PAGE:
When we got our jointer and planer, we specifically ordered spiral cutter heads with carbide inserts. This costs more upfront but saves a ton of time and hassle in the long run. With these cutter heads, I was super impressed with the finish I got with merely using the jointer and planner. The planer left a little less chip-out than the jointer, but since I was machining them to 5/8” x 5/8”, I was able to remove all the chip out from the jointer at the planer. There were still a few spindles that had some chip out, but I made extras for this exact reason. Also, the extra spindles are convenient for setting up machinery for joinery. The other thing to remember is the tenons on the spindles can easily blow out while machining because of the figured grain, so having extra spindles are always a good plan.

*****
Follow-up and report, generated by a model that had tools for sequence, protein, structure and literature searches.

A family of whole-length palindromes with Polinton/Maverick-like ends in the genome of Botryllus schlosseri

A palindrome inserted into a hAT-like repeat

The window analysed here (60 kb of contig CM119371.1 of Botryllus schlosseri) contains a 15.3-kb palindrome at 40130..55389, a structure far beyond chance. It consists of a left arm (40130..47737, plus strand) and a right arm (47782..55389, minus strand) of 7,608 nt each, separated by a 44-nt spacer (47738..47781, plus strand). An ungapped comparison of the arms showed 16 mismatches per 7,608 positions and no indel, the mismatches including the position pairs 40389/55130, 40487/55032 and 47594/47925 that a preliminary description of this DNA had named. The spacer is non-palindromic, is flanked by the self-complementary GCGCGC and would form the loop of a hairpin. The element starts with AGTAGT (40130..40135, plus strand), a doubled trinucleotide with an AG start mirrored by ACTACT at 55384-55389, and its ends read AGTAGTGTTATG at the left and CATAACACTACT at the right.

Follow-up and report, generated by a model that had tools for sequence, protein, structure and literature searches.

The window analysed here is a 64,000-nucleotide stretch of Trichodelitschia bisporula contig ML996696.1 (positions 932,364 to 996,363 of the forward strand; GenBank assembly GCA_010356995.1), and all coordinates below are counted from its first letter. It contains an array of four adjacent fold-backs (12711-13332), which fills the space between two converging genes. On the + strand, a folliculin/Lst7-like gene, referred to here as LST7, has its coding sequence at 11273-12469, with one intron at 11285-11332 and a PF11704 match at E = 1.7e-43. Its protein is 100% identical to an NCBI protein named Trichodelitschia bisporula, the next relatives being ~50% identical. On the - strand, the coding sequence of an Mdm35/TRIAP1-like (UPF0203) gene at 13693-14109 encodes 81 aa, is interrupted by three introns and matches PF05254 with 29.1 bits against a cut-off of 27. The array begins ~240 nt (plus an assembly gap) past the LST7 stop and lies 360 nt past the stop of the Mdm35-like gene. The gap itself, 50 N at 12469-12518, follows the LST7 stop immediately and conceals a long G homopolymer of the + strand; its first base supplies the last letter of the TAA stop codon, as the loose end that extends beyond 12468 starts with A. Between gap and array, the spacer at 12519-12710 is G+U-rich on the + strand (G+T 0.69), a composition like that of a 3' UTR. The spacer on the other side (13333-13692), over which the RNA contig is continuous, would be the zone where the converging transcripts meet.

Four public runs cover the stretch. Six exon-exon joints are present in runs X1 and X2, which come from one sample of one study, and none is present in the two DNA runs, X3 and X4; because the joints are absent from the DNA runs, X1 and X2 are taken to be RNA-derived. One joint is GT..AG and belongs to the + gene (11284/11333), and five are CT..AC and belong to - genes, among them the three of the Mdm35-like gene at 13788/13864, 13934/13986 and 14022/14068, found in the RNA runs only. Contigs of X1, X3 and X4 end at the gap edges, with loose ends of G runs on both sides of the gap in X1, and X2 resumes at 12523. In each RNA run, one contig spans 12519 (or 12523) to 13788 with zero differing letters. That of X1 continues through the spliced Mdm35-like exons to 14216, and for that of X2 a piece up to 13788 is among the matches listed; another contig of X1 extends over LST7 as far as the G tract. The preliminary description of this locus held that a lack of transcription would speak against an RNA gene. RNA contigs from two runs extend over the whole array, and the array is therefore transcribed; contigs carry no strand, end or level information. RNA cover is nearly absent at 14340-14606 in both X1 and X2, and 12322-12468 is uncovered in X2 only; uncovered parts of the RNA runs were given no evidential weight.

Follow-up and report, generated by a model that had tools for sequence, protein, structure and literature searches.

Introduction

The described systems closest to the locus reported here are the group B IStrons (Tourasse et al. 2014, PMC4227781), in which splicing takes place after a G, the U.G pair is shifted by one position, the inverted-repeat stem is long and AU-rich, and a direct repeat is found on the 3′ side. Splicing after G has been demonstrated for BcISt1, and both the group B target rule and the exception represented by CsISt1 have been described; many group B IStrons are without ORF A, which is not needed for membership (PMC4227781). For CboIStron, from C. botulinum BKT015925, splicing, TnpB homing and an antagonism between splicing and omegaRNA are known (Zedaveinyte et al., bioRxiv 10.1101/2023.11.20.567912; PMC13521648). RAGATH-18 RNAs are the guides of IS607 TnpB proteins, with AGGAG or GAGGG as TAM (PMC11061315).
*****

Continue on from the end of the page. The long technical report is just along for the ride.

I planed the curly maple stock to 5/8” thick. Then, I took this stock to the table saw and ripped pieces to 5/8” wide. Once again, there was little to no chip out from the table saw blade. All I needed to do was sand the saw marks off the surface.

The spindles are small and narrow. So, make sure you are using safe table saw practices when machining these parts. You most likely won’t be able to use the guard, and you’ll need to use a push stick. Make sure to keep your fingers a safe distance away from the blade. Always make sure you feel comfortable with what you’re machining.